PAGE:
The venue for political environmental theater expanded this week with Ohio Governor John Kasich signing an executive order re-establishing the state's ban on drilling for gas and oil on Lake Erie.
"I really don't see what public good that does besides making people who don't like oil and gas drilling, particularly on Lake Erie, cheer," Tom Stewart, executive vice president of the Ohio Oil and Gas Association, scoffed. "So, hurrah."
The governor said the state's drilling ban would be a backstop against possible drilling on the lake "if the current congressional ban on drilling in or under the Great Lakes should be lifted." The ban was included in the Energy Policy Act of 2005 and there is no indication that law will be repealed any time soon.
Kasich is not alone in making seemingly empty gestures. The New Jersey Legislature has twice in two years done so. In June this year, it adopted a bill that prohibits the state treatment plants from accepting wastewater from out of state drilling operations. Never mind the fact the nearest drilling operation is at least a three-hour drive away from New Jersey. Governor Chris Christie has not decided whether to sign the bill.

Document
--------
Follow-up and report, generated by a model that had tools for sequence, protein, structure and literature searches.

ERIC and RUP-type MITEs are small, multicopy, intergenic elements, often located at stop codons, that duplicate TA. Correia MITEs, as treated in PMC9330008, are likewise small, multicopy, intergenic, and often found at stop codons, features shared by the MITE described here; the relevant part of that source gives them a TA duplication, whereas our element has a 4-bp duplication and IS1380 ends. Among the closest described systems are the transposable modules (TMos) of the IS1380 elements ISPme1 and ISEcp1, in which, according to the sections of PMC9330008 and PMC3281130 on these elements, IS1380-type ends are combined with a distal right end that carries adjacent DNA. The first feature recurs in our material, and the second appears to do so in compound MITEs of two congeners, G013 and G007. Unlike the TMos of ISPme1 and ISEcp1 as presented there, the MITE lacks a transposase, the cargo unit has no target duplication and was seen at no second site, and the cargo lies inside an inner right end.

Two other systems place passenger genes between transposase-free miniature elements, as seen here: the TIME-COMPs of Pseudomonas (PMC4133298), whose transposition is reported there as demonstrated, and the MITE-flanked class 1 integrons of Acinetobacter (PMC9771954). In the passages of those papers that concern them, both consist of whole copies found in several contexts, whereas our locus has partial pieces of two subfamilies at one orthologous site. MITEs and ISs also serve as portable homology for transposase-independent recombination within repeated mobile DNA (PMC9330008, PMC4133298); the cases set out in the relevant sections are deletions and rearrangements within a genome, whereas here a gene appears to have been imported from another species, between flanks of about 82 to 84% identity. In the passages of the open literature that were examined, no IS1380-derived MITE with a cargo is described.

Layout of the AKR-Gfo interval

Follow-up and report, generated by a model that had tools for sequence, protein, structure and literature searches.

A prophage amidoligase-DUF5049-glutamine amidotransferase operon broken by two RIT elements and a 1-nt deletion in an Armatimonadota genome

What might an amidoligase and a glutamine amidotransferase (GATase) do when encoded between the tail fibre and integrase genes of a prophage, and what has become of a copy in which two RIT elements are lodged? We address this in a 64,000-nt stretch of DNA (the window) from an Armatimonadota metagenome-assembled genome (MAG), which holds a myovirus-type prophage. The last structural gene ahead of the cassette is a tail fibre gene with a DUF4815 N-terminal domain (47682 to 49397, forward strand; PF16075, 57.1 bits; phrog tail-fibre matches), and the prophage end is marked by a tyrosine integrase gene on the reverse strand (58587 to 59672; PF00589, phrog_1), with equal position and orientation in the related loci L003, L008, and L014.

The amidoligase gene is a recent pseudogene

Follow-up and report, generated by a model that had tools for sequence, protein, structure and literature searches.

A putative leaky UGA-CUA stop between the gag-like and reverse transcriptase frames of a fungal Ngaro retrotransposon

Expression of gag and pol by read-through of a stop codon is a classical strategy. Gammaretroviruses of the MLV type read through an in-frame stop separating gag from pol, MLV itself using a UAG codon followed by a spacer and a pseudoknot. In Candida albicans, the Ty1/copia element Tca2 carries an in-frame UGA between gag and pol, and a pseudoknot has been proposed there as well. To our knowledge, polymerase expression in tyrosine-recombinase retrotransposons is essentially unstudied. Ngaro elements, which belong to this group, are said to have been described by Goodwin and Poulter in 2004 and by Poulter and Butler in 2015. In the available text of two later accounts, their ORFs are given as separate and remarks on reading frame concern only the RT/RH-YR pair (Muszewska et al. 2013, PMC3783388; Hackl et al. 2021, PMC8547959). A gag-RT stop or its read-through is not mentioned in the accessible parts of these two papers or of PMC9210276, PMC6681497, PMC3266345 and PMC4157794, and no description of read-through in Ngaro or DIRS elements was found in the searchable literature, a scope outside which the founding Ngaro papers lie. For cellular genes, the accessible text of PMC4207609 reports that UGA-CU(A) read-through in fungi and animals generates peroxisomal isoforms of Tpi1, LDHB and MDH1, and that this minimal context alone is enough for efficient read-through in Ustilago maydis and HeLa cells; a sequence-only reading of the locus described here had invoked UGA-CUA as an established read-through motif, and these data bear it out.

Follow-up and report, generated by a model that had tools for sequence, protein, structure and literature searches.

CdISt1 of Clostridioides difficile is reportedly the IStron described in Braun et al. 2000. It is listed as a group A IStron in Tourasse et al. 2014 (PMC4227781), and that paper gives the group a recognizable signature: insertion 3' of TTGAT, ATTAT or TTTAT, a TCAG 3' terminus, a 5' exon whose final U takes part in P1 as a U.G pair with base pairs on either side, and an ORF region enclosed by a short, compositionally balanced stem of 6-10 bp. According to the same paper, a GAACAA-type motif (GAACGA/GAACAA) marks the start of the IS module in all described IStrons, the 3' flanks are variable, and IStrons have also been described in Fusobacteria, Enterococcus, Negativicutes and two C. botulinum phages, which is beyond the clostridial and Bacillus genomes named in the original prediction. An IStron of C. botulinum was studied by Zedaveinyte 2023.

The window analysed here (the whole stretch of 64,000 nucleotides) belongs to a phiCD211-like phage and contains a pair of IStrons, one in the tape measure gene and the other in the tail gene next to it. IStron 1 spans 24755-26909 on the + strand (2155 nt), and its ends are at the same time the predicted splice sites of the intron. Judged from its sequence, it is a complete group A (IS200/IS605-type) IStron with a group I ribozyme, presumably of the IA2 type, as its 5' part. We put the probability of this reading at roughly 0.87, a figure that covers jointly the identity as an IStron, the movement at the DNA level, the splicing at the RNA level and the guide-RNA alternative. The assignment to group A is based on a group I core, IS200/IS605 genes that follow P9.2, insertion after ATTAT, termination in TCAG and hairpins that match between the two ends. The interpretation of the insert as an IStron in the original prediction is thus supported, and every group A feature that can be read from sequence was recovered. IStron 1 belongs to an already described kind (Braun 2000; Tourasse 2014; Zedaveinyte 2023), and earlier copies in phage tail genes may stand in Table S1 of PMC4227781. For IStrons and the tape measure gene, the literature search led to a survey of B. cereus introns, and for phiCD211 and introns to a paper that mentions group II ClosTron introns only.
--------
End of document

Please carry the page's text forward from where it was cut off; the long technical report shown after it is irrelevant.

In 2011, the legislature passed a bill that prohibited gas producers from hydraulically fracturing a well in the state. Never mind the fact that no one has been or is now looking for gas in the Garden State. The sponsors of the bill acknowledged that reality, but said they wanted to show solidarity with environmentalists opposed to the practice. Governor Christie vetoed the bill but imposed a year-long moratorium on fracking while the state studies the practice to see if it safe.
Meanwhile, Vermont Governor Peter Shumlin in May signed a bill that bans hydraulic fracturing in the Green Mountain State. By taking that action, he said Vermont would be leading the nation by being the first in the nation to ban the practice.
Shumlin didn't mention there are no producing wells in Vermont and the last effort to find any gas in the state occurred in 1984 was a bust.
This article was written by Rodney White and originally appeared on Platts' The Barrel.
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